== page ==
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Airline Cabin Waste

Airlines recognize the importance of reducing, reusing, and recycling cabin waste from their flight operations to reduce their environmental footprint. 

Passengers are increasingly worried about the impact of single-use plastics on the marine environment, governments are focusing on minimizing food waste, and airlines are concerned that the regulatory system inhibits their ability to respond to these challenges.

In the absence of smarter regulation, cabin waste volumes could double in the next 10 years. IATA wants to support the simplification and harmonization of cabin waste regulations and promote technical solutions that will reduce industry costs and contribute to the circular economy.

​Cabin waste is made up of two main streams:

Cleaning Waste

Cleaning waste is leftover rubbish from items given to passengers on the aircraft such as newspapers, paper towels, plastic bottles, food dropped on the floor, amenity kits and plastic wrapping from blankets, pillows and headsets. Cleaning waste also includes the contents of washroom bins and medical waste such as used syringes.

Catering (galley) waste

Catering waste comes from inflight meals, snacks and beverages served to passengers and can consist of leftover food, drinks and packaging which is placed back in the trolleys, in static or compactor bins. This waste can contain high volumes of liquid from unconsumed beverages and ice.

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All cabin waste is subject to national waste management controls that limit pollution, but many countries have gone further with their regulations, introducing restrictions on catering waste from international flights to protect their agricultural sector (in respect to animal health). Airline meals are prepared using stringent hygiene and quality control standards, originally designed for NASA astronauts, but the regulations often lead to the incineration of all cabin waste with limited ability to reuse and recycle.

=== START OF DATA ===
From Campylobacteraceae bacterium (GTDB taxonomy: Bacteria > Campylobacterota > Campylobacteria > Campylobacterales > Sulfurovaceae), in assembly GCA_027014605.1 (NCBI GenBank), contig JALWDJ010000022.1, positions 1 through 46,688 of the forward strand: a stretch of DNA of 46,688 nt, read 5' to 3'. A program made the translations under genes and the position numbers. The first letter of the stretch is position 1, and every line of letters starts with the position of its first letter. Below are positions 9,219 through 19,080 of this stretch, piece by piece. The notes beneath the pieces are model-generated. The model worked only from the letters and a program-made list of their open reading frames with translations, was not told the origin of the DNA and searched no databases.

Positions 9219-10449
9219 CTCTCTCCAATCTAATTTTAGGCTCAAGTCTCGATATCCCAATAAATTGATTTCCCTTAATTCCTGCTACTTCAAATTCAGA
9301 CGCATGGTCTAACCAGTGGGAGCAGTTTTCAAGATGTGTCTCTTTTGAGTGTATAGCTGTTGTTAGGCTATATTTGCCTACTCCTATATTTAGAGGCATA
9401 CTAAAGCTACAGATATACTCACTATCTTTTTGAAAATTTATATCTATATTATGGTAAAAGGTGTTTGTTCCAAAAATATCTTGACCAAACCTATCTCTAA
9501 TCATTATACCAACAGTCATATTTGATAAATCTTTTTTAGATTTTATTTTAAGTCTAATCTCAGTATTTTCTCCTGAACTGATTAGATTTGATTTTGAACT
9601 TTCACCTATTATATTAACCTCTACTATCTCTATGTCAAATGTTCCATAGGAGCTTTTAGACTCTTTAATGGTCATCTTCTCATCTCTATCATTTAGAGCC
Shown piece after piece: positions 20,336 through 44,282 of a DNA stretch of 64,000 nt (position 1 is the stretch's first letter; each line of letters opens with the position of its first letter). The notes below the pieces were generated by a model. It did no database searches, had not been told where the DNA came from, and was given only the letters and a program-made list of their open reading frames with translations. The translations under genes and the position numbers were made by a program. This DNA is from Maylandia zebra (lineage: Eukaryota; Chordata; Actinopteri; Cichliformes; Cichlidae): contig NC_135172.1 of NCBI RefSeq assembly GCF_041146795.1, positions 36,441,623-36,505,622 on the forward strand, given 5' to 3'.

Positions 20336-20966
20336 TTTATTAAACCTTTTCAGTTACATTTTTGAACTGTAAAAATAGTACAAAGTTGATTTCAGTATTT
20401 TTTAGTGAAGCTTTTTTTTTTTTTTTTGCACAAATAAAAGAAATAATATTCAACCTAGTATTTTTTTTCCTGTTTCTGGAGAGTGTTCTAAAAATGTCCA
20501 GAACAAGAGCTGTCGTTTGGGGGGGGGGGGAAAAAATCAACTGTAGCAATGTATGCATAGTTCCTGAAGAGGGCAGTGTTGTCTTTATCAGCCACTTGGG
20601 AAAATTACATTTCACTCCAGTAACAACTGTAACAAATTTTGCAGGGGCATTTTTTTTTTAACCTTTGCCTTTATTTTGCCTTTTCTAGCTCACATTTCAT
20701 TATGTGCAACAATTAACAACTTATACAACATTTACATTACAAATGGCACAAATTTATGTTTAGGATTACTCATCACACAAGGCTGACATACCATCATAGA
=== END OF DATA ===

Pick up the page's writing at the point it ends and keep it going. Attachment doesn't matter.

What IATA is doing

Analysis of waste composition

Because cabin waste is collected and managed by two different contractors (cleaners and caterers), undertaking a holistic cabin waste composition analysis is challenging for airlines. A standard cabin waste audit methodology was developed and tested at London's Heathrow Airport in a pilot study in 2012 and 2013. The study indicated that a typical passenger generated 1.43 kilos of cabin waste (average across both short and long-haul international flights) of which 23% was untouched food and drink and a further 17% comprised of recyclable materials (e.g. plastic bottles and newspapers).

A case for smarter regulation

A major obstacle to airlines' ability to reuse and recycle more cabin waste is the International Catering Waste (ICW) legislation that many governments have adopted. These regulations aim to reduce the risk of transferring animal and plant diseases by requiring ICW to be subject to special treatment. 

IATA commissioned a study to understand the risks posed by airline catering waste on animal health. It advocates the adoption of smarter regulation which allows recycling while maintaining animal health controls. Read the summary of International catering waste: A case for smarter regulation (pdf).

Should you require further information, do not hesitate to contact us at environmnt@iata.org

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